Researchers discover fossil of new species of pangolin in Europe

Newly described specimen of the fossil pangolin species Smutsia olteniensis. Credit: Claire Terhune, University of Arkansas.

Deeper analysis of fossils from one of the most important fossil sites in Eastern Europe has led to the discovery of a new species of pangolin, which was previously thought to have existed in Europe during the early Ice Age but has not been confirmed until now.

“It’s not an imaginary fossil,” said Claire Terhune, associate professor of anthropology at the University of Arkansas. “It’s just one bone, but it’s a new kind of strange animal. We’re proud of it because the fossil record for pangolins is so meager. This animal just happens to be the smallest anteater ever discovered in Europe and the only pangolin fossil from Ice Age Europe.”

Humerus – or humerus bone – came from Grăunceanu, a rich fossil deposit in the Olteţ River valley in Romania. For nearly a decade, Terhune and an international team of researchers have focused their attention on Grăunceanu and other sites of Olteţ. These sites, initially discovered by landslides during the 1960s, have produced fossils of a variety of animal species, including a large ground monkey, short-necked giraffe, rhinoceros, and saber-toothed cats, as well as newer pangolin species.

“Especially exciting is that although some work in the 1930s indicates the presence of pangolins in Europe during the Ice Age, these fossils have been lost, and other researchers doubt their authenticity,” Terhune said. “We now know for sure that pangolins have been in Europe for at least about two million years.”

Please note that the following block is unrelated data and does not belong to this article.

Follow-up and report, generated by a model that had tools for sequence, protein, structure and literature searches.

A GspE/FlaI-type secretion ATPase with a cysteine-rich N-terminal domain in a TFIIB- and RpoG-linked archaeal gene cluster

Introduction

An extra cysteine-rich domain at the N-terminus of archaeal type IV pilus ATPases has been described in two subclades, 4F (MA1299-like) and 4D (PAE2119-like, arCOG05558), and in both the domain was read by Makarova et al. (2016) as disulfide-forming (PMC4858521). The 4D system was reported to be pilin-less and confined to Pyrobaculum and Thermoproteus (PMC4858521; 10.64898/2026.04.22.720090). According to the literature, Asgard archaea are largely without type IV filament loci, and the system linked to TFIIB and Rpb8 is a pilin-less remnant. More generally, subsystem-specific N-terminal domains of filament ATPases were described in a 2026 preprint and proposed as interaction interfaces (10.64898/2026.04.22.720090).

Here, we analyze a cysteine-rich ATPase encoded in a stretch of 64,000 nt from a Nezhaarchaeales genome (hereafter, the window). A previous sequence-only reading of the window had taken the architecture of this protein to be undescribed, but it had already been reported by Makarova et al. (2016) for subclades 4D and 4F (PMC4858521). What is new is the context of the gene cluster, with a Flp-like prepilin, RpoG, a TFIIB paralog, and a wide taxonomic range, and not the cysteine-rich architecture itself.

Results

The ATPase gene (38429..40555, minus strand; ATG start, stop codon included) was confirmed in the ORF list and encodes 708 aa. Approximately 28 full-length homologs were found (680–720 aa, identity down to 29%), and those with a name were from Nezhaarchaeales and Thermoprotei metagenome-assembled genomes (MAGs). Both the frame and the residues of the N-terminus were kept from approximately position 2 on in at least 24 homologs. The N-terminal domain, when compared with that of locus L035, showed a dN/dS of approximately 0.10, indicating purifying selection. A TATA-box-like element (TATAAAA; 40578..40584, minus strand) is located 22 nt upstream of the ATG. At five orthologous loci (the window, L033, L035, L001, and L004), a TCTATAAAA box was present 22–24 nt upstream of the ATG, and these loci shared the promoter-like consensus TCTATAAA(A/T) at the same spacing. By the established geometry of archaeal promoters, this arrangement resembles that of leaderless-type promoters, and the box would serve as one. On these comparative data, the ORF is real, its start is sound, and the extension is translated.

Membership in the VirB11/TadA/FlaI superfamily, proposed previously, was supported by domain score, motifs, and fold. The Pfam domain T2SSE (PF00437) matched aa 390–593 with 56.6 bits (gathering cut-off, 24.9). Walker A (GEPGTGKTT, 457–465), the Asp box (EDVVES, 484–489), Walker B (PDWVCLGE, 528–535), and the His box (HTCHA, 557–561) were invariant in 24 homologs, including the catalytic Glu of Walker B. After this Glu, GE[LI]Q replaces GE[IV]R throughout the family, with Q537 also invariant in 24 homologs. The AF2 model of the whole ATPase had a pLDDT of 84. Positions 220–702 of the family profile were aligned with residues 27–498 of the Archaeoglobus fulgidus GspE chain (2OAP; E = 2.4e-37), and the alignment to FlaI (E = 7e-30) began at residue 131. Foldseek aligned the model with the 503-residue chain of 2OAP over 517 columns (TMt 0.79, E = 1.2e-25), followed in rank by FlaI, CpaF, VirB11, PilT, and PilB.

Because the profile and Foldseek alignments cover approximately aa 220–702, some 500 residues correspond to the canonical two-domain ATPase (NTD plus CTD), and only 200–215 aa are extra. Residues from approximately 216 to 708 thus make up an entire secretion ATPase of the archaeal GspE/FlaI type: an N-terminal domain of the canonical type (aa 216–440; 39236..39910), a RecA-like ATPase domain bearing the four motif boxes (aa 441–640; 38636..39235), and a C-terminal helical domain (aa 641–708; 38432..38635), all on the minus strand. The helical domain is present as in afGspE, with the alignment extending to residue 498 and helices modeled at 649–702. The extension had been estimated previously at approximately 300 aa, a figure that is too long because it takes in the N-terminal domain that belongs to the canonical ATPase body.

Modern pangolins are found in Asia and Africa. Often referred to as scaly anteaters, they are somewhat similar to armadillos that roam the southern United States. With scales from head to tail, they are sometimes mistaken for reptiles, but modern pangolins are actually mammals and most closely related to carnivores. They are also among the most illegally trafficked animals in the world. According to the World Wildlife Fund, the eight species of pangolin living on two continents range from “vulnerable” to “critically endangered.”

The new pangolin fossil is between 1.9 and 2.2 million years old, putting it in the Pleistocene epoch range, which ran from roughly 2.6 million years ago to about 11,700 years ago. The identification of this fossil as a pangolin is important because previous research suggested that pangolins disappeared from the European fossil record during the Middle Miocene, approximately 10 million years ago. Previous work hypothesized that pangolins were being pushed into more tropical and subtropical environments due to global cooling trends.

As the smallest and best-documented fossil pangolin from Europe and the only fossil from the Pleistocene in Europe, the new species revises previous understanding of pangolin evolution and biogeography. Smutsia olteniensisAs the new species is called, it shares many unique traits with other members of the genus Smoutsia, which is currently only found in Africa.

This work was published in Journal of Vertebrate Paleontology.

Terhune’s collaborators were Sabrina Curran of Ohio University, Timothy Godin of the University of Tennessee at Chattanooga, and Alexandru Petculescu of the Emil Rakovic Institute of Speleology in Bucharest.

Fossils reveal the diversity of animal species that roamed Europe two million years ago

more information:
Claire E. Journal of Vertebrate Paleontology (2021). doi: 10.1080/02724634.2021.1990075

Presented by the University of Arkansas

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